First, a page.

When I got my phone back that Monday, my teacher said it was important for me to learn this lesson now since in college they wouldn’t tolerate phones going off. Fast forward to when I was in college, any time someone’s phone went off, either the professor would tell them to turn it off, or they would say, “Oh, my bad,” and turn it off themselves, and everyone would move on. I even had a professor who danced around while someone’s phone went off, and it was a welcome moment of levity during the lecture. 
I say all this to say, one of the worst aspects of being a child/teen was adults assuming my intentions were malicious.



God I’ve been reading these posts for a while and each time I am struck with the realization that certainly not all parents were supposed to be a parent

“I say all this to say, one of the worst aspects of being a child/teen was adults assuming my intentions were malicious.”YES this



The problem is, even if families are forgiving the culture around children still effects the child. I use myself as proof of that. 
A few times between the ages of 4 and 18 I broke things. I broke my grandma’s favorite Christmas ornament. Her first question was: “Are you hurt?” and when I apologized profusely she said “I’m just glad you weren’t hurt.”
I broke a few plates. I broke a couple glasses. Every time my dad’s first response was “Did you get cut?” the second step was cleaning up the broken bits, and the third was a discussion of what led to me breaking it and how I could avoid doing that in the future.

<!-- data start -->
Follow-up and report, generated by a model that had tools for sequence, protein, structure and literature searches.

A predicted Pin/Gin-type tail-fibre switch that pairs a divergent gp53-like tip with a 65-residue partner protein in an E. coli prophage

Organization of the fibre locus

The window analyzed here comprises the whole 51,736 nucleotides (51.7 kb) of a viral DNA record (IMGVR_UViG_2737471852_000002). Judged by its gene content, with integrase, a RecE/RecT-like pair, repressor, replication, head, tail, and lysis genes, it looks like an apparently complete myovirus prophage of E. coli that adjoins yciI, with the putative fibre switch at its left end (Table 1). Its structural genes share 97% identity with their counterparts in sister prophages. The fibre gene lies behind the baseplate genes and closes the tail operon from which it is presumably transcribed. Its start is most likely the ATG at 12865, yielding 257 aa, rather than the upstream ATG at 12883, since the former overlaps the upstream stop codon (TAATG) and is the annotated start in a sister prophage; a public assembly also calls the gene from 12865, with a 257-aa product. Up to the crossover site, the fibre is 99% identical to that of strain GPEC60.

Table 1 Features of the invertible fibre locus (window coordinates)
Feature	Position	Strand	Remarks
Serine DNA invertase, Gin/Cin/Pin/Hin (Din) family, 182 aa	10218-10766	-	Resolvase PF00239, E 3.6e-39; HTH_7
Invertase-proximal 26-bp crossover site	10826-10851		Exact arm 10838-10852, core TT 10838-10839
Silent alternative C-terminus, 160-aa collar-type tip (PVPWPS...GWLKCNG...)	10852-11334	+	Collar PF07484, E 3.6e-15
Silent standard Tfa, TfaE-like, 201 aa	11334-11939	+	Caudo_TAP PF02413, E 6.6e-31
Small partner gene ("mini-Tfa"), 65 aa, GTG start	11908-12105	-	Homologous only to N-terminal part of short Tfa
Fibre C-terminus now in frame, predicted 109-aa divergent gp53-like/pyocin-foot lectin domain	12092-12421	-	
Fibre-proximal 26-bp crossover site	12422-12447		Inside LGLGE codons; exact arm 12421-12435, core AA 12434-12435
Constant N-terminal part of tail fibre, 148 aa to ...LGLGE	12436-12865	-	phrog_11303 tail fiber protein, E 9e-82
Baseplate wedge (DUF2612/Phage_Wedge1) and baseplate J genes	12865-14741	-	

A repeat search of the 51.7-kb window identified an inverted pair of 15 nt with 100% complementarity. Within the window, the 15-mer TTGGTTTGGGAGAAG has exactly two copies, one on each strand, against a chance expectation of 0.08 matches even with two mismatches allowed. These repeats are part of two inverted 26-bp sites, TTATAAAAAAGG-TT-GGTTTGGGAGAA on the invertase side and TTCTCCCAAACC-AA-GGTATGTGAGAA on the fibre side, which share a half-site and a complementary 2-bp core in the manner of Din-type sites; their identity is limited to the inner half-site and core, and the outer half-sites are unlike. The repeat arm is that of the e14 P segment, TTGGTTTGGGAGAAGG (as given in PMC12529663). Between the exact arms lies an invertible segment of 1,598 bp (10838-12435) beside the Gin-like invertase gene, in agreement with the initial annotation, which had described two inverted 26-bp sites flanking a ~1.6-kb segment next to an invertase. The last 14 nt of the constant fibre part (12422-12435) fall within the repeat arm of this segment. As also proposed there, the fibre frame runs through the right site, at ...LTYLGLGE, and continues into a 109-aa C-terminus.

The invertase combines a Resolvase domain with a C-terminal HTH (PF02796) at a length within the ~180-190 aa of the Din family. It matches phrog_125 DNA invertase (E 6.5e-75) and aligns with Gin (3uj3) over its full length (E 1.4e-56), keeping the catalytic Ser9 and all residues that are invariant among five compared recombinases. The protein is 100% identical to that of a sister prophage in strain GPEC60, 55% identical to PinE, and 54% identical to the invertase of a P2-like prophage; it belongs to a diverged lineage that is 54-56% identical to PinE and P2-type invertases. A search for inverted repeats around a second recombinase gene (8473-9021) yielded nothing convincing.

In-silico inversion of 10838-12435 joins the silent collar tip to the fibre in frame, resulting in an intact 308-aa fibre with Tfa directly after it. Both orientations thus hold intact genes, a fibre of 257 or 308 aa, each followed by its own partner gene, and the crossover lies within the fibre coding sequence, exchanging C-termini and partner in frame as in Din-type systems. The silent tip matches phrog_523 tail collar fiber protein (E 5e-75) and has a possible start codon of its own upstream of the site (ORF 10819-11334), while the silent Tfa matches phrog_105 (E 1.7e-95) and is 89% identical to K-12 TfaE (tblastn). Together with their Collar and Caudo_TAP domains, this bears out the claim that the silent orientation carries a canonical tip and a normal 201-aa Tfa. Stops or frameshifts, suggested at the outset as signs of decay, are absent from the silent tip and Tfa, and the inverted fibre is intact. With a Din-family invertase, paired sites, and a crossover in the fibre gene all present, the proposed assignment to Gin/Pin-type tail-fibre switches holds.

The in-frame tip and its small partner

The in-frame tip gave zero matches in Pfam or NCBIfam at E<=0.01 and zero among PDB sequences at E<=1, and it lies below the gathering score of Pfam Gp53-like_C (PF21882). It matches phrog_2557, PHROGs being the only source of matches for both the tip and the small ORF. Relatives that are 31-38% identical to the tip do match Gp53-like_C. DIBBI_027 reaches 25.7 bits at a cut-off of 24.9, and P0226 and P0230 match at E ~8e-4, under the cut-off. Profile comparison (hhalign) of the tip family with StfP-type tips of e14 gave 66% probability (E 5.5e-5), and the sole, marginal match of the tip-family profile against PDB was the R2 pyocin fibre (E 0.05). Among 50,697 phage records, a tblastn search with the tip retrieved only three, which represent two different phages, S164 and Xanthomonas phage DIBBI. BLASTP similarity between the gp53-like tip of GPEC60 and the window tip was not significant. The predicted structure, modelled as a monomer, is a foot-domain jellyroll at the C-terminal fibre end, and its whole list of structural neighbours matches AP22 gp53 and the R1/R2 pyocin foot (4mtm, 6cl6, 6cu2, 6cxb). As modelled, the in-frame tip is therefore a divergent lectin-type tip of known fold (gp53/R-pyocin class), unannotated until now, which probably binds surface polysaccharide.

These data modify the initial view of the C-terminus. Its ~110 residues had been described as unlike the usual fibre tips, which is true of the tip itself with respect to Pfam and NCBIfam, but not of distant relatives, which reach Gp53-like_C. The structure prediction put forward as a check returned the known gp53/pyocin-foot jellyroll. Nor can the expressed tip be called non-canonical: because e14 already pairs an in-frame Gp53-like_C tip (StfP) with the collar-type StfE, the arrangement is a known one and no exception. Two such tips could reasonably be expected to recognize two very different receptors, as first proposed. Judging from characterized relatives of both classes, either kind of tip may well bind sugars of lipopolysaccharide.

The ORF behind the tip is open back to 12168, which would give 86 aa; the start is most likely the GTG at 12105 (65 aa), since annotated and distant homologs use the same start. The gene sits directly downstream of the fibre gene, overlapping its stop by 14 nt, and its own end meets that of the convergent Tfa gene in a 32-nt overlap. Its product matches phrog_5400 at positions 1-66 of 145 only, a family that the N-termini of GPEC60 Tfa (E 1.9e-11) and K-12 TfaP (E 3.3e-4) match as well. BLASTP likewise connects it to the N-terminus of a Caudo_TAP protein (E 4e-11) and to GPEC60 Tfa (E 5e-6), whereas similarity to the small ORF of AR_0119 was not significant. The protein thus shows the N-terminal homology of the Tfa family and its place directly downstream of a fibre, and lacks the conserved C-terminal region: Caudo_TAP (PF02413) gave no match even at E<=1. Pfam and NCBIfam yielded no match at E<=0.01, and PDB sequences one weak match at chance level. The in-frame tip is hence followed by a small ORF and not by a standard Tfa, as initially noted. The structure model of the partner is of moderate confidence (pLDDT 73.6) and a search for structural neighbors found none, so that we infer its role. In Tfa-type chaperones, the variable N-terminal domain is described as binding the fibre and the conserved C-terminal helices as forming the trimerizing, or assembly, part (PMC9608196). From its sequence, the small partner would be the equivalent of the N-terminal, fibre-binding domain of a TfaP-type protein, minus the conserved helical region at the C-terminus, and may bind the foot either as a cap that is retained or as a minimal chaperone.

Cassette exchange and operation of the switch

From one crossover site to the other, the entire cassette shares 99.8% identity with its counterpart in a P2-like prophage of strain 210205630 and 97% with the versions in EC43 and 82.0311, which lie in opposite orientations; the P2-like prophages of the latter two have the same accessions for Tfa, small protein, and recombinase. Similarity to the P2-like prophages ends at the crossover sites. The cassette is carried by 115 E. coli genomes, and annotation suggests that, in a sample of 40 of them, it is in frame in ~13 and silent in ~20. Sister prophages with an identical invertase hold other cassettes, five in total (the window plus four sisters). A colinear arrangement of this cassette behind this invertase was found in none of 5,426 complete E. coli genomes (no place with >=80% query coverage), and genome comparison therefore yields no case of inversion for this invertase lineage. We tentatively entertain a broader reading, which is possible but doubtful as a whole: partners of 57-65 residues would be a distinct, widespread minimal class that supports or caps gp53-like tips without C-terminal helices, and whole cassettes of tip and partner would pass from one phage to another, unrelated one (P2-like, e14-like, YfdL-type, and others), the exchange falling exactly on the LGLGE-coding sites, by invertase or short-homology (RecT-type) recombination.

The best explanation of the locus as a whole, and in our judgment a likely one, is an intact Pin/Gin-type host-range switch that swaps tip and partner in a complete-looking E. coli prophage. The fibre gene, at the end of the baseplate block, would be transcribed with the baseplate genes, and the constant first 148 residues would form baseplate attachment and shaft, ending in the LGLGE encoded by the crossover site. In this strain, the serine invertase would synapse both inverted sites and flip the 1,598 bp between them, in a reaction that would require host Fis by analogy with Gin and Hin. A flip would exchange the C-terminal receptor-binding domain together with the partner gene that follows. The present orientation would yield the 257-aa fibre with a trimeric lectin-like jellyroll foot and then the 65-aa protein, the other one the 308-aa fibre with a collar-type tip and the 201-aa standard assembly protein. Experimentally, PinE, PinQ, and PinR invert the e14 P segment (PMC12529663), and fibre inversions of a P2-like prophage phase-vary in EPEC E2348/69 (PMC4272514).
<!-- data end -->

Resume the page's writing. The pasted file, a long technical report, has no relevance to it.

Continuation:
Same with spills. Same with stains. My biggest “punishment” from my immediate family was being taught how to clean up the mess I made and being shown in detail how to avoid the same mistake in the future if it was avoidable. There were consequences for my actions, but they were the direct result of those actions and nothing much beyond that.
My family tried so hard to teach me how to deal with accidents in a healthy way. They were patient. They treated every slip-up as a learning opportunity. They showed me a lot of love. The other adults still got to me. Teachers still punished and publicly shamed me and other students for our mess-ups. Extended family members outside of my small supportive circle still yelled at me. My friends’ parents still got mad.